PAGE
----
There has been a shift from the earlier comfortable bond between people of different religions to a strange tight-lipped conversation now. This is accompanied by an odd demand to boycott or prohibit literary and artistic expression. The most heinous example was the Jashn-e-Riwaz issue, in which Fabindia was accused of defaming Diwali by using the Urdu language to allude to it. What would these folks think about Bhagat Singh's famous slogan, "Inquilab Zindabad," which he promoted for our independence struggle? Padmavat received outrage a few years ago, and actress Deepika Padukone was threatened. The reason cited was that Bhansali had portrayed Rajput culture in a bad light even before the movie was released. In a logical society, when everyone is capable of forming opinions and knowledge is just a click away, oversensitive censorship is unnecessary. It is past time for us to abandon this conduct and embrace a more open and tolerant society. "I may not agree with what you say, but I will protect your right to express it until death," Voltaire declared. Before we can remove objections, we must first identify and demarcate the obfuscated boundary between free expression and hate speech. Although Khurshid's understanding of Hinduism was skewed and prejudiced, banning the entire book sounds archaic.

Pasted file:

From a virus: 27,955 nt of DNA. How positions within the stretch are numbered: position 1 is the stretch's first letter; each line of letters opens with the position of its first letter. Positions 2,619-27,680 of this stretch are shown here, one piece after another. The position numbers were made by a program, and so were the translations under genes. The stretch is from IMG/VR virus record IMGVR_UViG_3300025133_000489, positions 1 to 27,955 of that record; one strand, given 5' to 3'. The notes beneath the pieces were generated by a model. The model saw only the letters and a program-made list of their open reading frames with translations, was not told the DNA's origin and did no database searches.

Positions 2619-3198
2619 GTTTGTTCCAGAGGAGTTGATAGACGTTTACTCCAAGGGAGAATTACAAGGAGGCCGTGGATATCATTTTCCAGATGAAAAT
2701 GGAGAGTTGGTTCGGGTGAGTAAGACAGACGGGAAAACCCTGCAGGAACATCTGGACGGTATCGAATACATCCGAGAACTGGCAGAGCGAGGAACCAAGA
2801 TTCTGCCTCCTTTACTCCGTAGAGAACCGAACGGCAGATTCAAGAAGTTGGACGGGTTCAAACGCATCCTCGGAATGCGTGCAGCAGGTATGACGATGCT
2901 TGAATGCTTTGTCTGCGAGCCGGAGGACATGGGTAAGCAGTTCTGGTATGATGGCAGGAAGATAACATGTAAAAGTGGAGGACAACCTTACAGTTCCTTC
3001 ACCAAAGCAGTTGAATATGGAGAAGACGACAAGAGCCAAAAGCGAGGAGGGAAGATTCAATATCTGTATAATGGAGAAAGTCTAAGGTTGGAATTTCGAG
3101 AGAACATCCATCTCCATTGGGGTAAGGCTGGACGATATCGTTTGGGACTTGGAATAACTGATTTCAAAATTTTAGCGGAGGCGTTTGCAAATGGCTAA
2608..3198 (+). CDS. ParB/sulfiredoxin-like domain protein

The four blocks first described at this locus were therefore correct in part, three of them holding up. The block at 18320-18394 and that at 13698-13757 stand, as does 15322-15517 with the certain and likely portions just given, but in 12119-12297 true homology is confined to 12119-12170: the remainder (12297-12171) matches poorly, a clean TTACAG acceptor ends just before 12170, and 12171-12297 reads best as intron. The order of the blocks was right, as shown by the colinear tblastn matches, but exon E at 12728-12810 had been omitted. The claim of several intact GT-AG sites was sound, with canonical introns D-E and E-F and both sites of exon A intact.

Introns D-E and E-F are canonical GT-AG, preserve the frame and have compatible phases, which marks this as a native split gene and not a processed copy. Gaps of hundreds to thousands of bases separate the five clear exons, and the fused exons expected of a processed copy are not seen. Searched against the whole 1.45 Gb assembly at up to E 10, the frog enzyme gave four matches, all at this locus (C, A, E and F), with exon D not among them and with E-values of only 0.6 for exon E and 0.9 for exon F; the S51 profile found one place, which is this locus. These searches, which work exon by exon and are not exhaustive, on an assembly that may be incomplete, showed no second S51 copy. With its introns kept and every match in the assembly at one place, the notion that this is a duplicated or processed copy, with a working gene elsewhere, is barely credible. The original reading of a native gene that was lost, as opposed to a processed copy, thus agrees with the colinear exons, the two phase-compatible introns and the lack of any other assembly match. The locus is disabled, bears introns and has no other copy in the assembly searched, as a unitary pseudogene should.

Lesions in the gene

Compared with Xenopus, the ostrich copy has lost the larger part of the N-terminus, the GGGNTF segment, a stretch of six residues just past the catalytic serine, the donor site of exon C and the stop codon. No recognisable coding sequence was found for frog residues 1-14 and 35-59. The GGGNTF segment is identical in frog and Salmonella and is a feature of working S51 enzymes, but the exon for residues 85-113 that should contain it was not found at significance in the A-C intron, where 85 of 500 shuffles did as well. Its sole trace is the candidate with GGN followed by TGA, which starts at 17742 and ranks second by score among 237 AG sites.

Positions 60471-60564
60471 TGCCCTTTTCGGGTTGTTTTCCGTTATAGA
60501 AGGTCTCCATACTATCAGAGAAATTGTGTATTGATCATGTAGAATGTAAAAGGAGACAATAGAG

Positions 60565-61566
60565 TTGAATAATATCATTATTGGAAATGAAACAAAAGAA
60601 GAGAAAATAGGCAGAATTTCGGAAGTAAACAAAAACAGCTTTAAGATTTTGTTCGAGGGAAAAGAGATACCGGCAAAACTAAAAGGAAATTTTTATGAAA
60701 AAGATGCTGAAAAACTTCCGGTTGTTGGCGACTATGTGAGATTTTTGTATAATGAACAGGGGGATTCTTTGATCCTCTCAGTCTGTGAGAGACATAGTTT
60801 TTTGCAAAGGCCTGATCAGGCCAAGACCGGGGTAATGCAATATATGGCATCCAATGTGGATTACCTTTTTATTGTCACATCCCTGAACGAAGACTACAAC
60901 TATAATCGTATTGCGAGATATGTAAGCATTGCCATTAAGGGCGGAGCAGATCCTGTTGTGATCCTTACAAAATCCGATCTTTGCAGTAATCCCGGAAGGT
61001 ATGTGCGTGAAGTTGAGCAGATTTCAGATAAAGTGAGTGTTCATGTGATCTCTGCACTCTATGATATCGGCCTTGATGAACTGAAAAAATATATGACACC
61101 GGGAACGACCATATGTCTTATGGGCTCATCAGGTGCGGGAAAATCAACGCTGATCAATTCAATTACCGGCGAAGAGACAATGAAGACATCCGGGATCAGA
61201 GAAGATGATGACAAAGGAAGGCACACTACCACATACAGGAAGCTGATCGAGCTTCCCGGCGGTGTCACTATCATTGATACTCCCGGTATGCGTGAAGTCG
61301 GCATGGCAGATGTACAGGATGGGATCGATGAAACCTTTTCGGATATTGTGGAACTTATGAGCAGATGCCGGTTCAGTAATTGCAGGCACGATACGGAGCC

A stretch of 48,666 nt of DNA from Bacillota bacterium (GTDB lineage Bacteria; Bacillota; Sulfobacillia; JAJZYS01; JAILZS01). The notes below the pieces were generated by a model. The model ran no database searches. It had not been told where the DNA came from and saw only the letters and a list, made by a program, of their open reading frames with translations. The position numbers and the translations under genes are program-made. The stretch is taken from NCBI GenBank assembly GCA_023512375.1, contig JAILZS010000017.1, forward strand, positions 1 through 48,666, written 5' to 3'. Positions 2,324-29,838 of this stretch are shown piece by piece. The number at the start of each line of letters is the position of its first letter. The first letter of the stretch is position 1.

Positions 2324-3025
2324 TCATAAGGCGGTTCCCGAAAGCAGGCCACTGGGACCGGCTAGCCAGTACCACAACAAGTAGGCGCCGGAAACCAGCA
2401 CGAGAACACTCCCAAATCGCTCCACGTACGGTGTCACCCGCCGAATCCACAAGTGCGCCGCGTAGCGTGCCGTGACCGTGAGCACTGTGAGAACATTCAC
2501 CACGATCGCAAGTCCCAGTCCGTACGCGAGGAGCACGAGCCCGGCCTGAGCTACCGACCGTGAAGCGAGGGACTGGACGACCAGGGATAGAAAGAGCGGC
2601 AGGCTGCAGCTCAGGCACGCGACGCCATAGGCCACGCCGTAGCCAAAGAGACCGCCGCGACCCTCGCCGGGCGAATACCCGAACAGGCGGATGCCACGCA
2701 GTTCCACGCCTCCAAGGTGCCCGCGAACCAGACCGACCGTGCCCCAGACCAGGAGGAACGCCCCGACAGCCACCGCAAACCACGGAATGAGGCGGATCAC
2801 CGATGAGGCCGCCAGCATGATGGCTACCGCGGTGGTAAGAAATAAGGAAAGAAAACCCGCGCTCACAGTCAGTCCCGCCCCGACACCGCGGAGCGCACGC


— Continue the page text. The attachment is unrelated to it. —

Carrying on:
What you seek is within you!
Following this controversy, most people know about the disputed lines of Khurshid's book, but less than a tenth of those would have read the book. Banning something is almost a sure-shot way of making it the talk of the town. Shutting off opinions in the form of pages may instigate people to channelize their radical ideas in another undesirable manner. With platforms like the darknet existing, it is practically impossible to close all doors of expression then why target books in particular. Even if successfully banning challenging perspectives blocks out a whole range of ideas and when people will be exposed to it in practice, it would be a shock. There is no compulsion to read a book as it is always the reader's choice. When we take away the options available for reading, we treat our citizens no less than mindless puppets. Consider “Mein Kampf”, for instance-it supports racism, misogyny, and what not but continues to be a bestseller. People read it to learn about Hitler's errors and the attraction of his ideas so that they don't fall into the same trap again. For the same reason, we must enable Sunrise Over Ayodhya to be sold, so that readers can examine the hollowness of some of its claims.
Total removal of censorship is not the way to go too. Aristotle's middle way might be applicable here. Restricting sexual and violent content is acceptable as it may incite unnatural acts. But political and religious censorship is not required in a democracy like India. No religion is so weak to detonate with one person's criticism, and if a political party cannot stand disparaging, it is doomed anyway. Challenging parts can be underlined, and a question or answer to that- can be quoted below. This can be done by the publishers or the writer himself. A logical discussion is always possible. The views expressed by Khurshid about Hindutva are debatable, but that does not undermine the fact that "Sunrise Over Ayodhya" is a considerable commentary over the SC judgment. The decision of whether to read a book or not is individual and should be left to the readers, not to the judiciary.